Air quality has been significantly diminished in Canada this year. Canada’s 2023 wildfire season is the worst on record and it’s not over yet. It’s a shame because it erases years of progress. (The Globe and Mail, among others, wrote about it.) Our air quality overall has improved over the past decades and is one of the cleanest in the world, but wildfires threaten this progress. Wildfires produce enormous quantities of a very small particle called PM2.5 along with other hazardous pollutants. These particles can become embedded deep in the lungs and long-term exposure can cause a whole host of cardiovascular and respiratory diseases. Poor air quality can even lower test scores and, globally, kills 10 million people a year. In a 2021 report, Health Canada estimates that “…air pollution from human sources in North America, contributes to 15,300 premature deaths per year in Canada.”
As most Canadians witnessed this spring and summer, wildfire smoke can travel long distances, exposing large populations, including cities like Toronto, Montreal, Vancouver and New York. With climate events like this becoming the norm and air pollution now the leading cause of death and disease globally, we need to continue the efforts of protecting the places with live, work and play. Innovation and progress are possible; passive house buildings with their superior air tightness and fresh air supply can play an important role in protecting the public. It’s a building method that needs to become mandatory in our codes process and something I am advocating for in our National Building Code’s efforts.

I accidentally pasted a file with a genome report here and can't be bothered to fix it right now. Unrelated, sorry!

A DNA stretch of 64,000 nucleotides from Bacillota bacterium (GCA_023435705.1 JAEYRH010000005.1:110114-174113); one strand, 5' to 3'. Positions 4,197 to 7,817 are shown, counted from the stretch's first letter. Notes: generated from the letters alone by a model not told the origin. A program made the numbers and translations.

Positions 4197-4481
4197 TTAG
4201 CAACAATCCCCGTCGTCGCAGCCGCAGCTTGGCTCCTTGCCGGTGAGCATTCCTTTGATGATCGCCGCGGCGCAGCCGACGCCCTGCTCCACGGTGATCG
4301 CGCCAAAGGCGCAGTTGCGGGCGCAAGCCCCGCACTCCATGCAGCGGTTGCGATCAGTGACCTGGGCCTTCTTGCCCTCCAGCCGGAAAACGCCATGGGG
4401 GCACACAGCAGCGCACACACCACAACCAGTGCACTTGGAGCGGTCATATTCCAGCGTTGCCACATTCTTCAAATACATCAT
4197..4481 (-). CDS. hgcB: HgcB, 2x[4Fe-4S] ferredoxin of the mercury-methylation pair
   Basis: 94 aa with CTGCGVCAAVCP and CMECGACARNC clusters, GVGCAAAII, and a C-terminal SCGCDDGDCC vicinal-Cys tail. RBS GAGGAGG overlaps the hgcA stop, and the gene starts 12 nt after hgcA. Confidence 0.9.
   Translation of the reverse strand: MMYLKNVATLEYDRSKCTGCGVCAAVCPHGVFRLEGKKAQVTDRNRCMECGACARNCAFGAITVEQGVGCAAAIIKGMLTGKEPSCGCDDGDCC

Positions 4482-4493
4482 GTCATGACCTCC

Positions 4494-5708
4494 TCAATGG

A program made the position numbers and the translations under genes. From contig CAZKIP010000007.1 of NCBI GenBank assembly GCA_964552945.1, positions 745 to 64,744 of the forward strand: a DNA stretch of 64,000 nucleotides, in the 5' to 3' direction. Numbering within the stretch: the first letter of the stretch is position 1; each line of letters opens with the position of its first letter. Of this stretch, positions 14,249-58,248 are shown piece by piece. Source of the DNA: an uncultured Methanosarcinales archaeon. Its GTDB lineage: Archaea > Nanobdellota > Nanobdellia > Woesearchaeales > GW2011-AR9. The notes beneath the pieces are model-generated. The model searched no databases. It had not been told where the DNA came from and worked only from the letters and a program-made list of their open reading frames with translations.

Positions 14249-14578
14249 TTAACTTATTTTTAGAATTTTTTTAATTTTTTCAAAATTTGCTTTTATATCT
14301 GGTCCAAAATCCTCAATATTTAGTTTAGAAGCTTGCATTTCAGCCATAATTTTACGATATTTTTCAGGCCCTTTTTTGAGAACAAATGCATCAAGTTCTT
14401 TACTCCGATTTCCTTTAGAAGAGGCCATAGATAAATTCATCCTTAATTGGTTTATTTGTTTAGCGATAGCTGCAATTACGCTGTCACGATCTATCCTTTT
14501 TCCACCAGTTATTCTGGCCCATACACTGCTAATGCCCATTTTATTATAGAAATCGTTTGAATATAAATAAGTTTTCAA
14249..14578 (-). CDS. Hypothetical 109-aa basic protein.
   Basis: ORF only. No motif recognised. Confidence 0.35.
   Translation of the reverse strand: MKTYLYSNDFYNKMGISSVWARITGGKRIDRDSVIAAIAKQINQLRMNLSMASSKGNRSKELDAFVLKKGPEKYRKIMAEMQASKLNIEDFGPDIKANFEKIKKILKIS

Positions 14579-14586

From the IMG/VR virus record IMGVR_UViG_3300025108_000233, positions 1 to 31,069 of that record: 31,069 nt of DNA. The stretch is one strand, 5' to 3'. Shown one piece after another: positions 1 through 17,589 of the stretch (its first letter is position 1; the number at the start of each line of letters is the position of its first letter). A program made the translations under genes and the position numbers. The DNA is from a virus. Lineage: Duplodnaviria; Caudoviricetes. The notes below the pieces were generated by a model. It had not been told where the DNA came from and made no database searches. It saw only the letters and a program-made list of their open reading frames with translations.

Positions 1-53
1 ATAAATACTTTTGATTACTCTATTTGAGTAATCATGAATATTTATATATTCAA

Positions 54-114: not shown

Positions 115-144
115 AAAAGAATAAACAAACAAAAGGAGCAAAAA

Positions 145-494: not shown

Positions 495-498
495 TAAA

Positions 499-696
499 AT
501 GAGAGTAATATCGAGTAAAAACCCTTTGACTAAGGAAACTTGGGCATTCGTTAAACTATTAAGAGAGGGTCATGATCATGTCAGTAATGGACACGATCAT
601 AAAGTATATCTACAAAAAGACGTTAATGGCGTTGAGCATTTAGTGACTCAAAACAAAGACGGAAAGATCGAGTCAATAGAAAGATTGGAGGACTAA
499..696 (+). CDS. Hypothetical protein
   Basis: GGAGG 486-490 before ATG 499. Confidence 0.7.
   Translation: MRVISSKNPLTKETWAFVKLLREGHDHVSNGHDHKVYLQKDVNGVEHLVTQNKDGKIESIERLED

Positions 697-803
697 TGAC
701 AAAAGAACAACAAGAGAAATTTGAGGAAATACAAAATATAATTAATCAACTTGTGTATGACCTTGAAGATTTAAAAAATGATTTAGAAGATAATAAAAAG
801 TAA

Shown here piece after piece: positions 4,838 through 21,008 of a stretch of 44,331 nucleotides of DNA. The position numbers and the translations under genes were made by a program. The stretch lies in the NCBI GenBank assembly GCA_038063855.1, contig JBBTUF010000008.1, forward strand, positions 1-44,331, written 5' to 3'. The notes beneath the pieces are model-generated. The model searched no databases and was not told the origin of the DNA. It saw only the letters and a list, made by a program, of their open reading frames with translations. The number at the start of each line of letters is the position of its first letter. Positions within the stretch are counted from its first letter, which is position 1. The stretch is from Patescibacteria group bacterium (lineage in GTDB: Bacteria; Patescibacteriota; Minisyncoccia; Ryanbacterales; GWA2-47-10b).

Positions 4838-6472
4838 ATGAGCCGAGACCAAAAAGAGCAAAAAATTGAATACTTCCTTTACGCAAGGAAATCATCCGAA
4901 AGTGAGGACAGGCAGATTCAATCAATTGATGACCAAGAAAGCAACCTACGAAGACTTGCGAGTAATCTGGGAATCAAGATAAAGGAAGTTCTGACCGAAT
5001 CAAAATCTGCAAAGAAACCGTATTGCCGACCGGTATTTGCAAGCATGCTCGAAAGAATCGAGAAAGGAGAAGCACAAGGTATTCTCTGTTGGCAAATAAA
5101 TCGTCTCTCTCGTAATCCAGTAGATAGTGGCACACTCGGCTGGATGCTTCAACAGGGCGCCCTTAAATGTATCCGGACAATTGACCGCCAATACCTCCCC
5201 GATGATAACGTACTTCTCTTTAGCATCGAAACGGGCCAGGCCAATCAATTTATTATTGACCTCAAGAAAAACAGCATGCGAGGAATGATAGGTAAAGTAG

New flawed Fraser Institute Efficiency Report
The Fraser Institute’s new report on Canada’s new federal building energy efficiency mandates is fundamentally flawed in its methodology and assumptions. According to a detailed analysis by Brendan Haley, Director of Policy Research at Efficiency Canada, the report significantly overestimates the construction costs by relying on a single, cherry-picked study and further compounds this error by using inflated housing market prices instead of actual construction costs. Haley also criticizes the report for discounting the economic benefits of energy efficiency, making arbitrary assumptions that are ideologically driven by market fundamentalism. This approach not only undermines the protective role of building codes but also overlooks the economic advantages of energy efficiency, such as increased consumer spending power and the potential for innovation in the construction sector.